15. Parent directories (folders) • In a directory tree, every directory except the one at the very top has one and only one parent directory. • The parent directory of a directory is whatever directory contains that directory. • In the directory tree below, public_html is the parent directory of pages, and pages is the parent directory of catalog. • We cannot get back to the parent directory of a higher directory simply by using its name. • When we use an explicit name in a path, that name is always assumed to be farther down the branch, never up. • To go up a branch of the tree, we capitalize on the fact that there is only one way up from any given location. • Each directory has one, and only one, parent directory. • We don’t need to reference it by its specific name; we can use a generic name instead. • The generic name we use to specify the parent directory in a relative URL is .. • Type it as two periods with no space between them; it’s typically pronounced “dot-dot”. Links on the Web

  16. Examples using parent directories • Here’s another version of the previous illustration that shows additional examples involving parent directories. • We can specify any local file from any other using relative URLs. Links on the Web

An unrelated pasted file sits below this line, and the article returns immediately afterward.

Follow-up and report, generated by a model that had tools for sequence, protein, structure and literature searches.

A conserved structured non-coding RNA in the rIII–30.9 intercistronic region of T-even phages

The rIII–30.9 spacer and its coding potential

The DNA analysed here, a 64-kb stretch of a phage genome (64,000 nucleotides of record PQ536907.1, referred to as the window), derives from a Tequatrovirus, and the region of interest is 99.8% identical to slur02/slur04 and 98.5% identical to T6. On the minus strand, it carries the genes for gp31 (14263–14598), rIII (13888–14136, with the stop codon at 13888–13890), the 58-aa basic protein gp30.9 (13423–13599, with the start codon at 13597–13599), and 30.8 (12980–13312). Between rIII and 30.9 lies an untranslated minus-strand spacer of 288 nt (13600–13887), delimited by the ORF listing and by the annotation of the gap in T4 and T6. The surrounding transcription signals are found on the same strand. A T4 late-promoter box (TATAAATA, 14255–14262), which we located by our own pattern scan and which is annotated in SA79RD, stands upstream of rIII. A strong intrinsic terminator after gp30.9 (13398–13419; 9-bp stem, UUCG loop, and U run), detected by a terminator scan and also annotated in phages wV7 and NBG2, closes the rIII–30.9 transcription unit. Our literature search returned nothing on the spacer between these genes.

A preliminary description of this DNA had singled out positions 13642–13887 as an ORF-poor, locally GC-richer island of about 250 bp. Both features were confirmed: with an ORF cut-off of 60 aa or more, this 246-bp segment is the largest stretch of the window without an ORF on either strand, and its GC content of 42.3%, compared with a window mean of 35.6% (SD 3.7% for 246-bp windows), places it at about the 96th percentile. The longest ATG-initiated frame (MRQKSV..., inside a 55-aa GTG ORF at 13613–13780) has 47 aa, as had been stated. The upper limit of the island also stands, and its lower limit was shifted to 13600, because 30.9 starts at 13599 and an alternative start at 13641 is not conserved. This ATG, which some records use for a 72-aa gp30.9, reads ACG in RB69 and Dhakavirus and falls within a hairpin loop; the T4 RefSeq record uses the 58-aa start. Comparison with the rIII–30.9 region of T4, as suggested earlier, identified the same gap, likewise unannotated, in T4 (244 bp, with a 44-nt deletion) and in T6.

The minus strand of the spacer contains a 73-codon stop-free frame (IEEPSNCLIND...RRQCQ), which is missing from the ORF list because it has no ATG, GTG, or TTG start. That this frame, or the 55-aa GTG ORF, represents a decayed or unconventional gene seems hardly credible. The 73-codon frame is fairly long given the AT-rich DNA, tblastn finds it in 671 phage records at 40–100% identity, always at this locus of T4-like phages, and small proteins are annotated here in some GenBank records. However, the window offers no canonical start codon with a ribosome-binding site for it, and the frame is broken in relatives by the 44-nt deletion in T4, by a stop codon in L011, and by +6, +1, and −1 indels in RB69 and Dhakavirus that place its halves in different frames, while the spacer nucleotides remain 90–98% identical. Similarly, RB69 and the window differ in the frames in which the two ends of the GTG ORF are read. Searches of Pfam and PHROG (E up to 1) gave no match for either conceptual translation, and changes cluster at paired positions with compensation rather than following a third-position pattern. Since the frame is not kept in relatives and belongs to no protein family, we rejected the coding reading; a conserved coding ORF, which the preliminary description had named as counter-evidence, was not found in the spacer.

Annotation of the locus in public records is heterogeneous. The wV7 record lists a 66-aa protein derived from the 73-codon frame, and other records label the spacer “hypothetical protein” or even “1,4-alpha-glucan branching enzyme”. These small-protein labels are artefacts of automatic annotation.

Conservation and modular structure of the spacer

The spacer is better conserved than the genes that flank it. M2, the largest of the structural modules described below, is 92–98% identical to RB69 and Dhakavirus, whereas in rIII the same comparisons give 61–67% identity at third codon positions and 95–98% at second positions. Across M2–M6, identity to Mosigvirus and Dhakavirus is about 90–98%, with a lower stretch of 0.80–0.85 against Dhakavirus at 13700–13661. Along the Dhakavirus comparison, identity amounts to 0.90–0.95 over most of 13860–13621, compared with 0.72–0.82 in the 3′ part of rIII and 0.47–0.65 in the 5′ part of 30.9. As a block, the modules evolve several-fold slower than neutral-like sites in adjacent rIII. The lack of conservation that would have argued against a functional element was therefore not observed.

17. Opening link in a new browser window • Use target attribute <a href= "http://www.yahoo.com/" target="_blank" > Yahoo!</a> • Opens the link in a newly spawned window, rather than replacing the web page the user is on, which at first thought may sound like a good idea as it doesn't take the user away from your site. • There are a number of reasons why you shouldn't do this however. • From a usability point of view, this method breaks navigation. The most commonly used navigation tool on a browser is the "back" button. Opening a new window disables this function. • On a wider, more general usability point, users do not want new windows to be popping up all over the place. If they want to open a link in a new window then they can choose to do so themselves. From http://www.htmldog.com/guides/htmlbeginner/links/ Links on the Web